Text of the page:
We drove there on our final day, before we headed south to Malibu (you might like to read my 24 Hours in Malibu post here for where we stayed, ate and what to do), we checked out of our hotel and headed to the Mission Santa Barbara for an hour.

The Mission Santa Barbara
It really is beautiful for a wander, a picnic or a tour through the buildings

Founded in 1786 on the celebration of the Feast of St Barbara, it was the 10th mission of 21 California missions to be established by the Spanish Franciscans.

It sits high over the city and the building is open to the public (for a small fee) to tour through, but even just sitting outside on the sprawling front lawn with views over the city, it’s a lovely place to come and take a moment.

Art on the ground at the Mission Santa Barbara
Clever chalk paintings were all over the ground when we visited

Santa Barbara County Courthouse

This popular place to visit is more interesting than it sounds! Yes, it’s a working government building where court officials with clipboards and fast walks totter past on the tiled floors, but the Spanish-Colonial style architecture is what people like you and me visit for.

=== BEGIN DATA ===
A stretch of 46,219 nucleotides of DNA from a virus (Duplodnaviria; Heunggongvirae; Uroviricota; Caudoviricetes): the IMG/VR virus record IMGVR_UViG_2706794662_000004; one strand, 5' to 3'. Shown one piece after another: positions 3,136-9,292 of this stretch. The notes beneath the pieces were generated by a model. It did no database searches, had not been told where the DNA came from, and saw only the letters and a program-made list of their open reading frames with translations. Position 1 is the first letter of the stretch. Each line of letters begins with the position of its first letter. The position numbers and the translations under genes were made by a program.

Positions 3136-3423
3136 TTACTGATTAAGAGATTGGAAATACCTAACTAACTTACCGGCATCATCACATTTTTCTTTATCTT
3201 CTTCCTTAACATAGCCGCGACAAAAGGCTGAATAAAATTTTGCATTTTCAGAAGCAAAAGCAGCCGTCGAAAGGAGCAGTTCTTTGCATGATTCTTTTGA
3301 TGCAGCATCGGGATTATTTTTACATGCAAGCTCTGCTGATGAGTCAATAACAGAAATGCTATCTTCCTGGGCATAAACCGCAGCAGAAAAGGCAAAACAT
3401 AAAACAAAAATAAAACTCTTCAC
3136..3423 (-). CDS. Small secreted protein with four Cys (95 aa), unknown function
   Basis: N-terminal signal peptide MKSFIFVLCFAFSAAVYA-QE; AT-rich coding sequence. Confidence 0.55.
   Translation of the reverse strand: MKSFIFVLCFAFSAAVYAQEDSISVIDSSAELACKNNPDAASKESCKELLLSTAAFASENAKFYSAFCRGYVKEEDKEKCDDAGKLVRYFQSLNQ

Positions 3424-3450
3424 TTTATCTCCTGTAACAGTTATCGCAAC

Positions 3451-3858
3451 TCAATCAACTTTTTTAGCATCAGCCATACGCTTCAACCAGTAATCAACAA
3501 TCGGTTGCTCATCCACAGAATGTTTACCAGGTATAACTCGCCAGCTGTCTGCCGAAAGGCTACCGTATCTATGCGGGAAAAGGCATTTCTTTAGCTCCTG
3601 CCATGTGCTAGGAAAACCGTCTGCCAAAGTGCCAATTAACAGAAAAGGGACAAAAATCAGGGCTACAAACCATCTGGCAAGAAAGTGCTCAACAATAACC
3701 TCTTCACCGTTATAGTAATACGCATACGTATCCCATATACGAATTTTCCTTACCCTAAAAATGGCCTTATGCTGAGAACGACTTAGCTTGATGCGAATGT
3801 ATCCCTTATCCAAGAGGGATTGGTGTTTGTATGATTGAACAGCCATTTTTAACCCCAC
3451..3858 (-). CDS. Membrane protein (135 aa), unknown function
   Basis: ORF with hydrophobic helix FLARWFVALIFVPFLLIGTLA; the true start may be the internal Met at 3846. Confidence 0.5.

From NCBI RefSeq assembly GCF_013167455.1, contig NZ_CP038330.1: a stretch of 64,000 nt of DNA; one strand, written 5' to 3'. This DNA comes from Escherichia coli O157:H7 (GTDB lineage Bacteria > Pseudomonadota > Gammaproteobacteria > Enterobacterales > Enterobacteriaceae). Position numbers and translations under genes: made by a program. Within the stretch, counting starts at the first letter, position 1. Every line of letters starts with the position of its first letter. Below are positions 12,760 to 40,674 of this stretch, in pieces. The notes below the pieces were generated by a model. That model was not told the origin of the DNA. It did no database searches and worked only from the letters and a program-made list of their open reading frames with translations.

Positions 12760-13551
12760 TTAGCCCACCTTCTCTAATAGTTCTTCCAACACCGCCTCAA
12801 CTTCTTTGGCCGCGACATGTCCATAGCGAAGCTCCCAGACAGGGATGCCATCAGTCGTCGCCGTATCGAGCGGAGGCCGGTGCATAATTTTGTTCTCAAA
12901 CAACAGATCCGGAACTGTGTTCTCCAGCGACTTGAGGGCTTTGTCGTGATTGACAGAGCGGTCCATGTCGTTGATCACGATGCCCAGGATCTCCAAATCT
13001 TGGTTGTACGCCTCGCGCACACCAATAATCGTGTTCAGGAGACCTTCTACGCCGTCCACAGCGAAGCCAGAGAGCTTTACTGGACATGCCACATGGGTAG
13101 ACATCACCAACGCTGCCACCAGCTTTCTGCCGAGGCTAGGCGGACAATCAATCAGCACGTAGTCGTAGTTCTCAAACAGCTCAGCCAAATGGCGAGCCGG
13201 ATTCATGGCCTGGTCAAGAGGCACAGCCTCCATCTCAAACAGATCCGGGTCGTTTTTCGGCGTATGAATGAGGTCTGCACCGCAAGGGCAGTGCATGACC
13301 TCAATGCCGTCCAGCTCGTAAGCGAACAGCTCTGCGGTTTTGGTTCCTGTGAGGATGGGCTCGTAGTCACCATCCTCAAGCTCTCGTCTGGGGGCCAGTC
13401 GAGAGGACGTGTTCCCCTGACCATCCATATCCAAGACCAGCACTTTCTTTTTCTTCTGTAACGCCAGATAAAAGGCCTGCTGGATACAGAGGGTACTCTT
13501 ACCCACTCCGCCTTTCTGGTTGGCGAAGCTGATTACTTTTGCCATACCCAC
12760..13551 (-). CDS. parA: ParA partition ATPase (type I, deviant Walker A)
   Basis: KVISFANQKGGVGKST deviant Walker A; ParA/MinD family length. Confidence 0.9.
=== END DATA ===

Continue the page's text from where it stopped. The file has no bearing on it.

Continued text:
One of the best things to do is climb (or take the elevator) to the four-sided bell tower at the top for stunning 360˚ views over the adobe style rooftops below and all the way out to sea, with the mountain range behind you.

When the courthouse buildings are open to the public, take in the intricate painted details on the walls and ceilings and especially the Mural Room.

There is a car park adjacent – and the first 75 minutes are free in Santa Barbara.

Where we stayed in Santa Barbara

On my previous two visits to Santa Barbara I have stayed quite close to the main street, but this time we were hosted by the Goodland Hotel, a Kimpton property.

Goodland hotel Santa Barbara
Inside the Goodland lobby where free happy hour is held every evening for guests

I’m a bit of a Kimpton fan as they are hip hotels with a local vibe. No two are the same and I appreciate that.

In this case the Goodland, located in Goleta, a sister town nine miles (14.5km) from Santa Barbara and about 15 minutes drive into the CBD, was a motel that has been trendified (if that’s a word) into a laid back hotel with a surf vibe, a bar and a restaurant. There is a turn table in each room with vinyl you can borrow from the little record booth in the main lobby.

Goodland outdoor bar
The bar off the carpark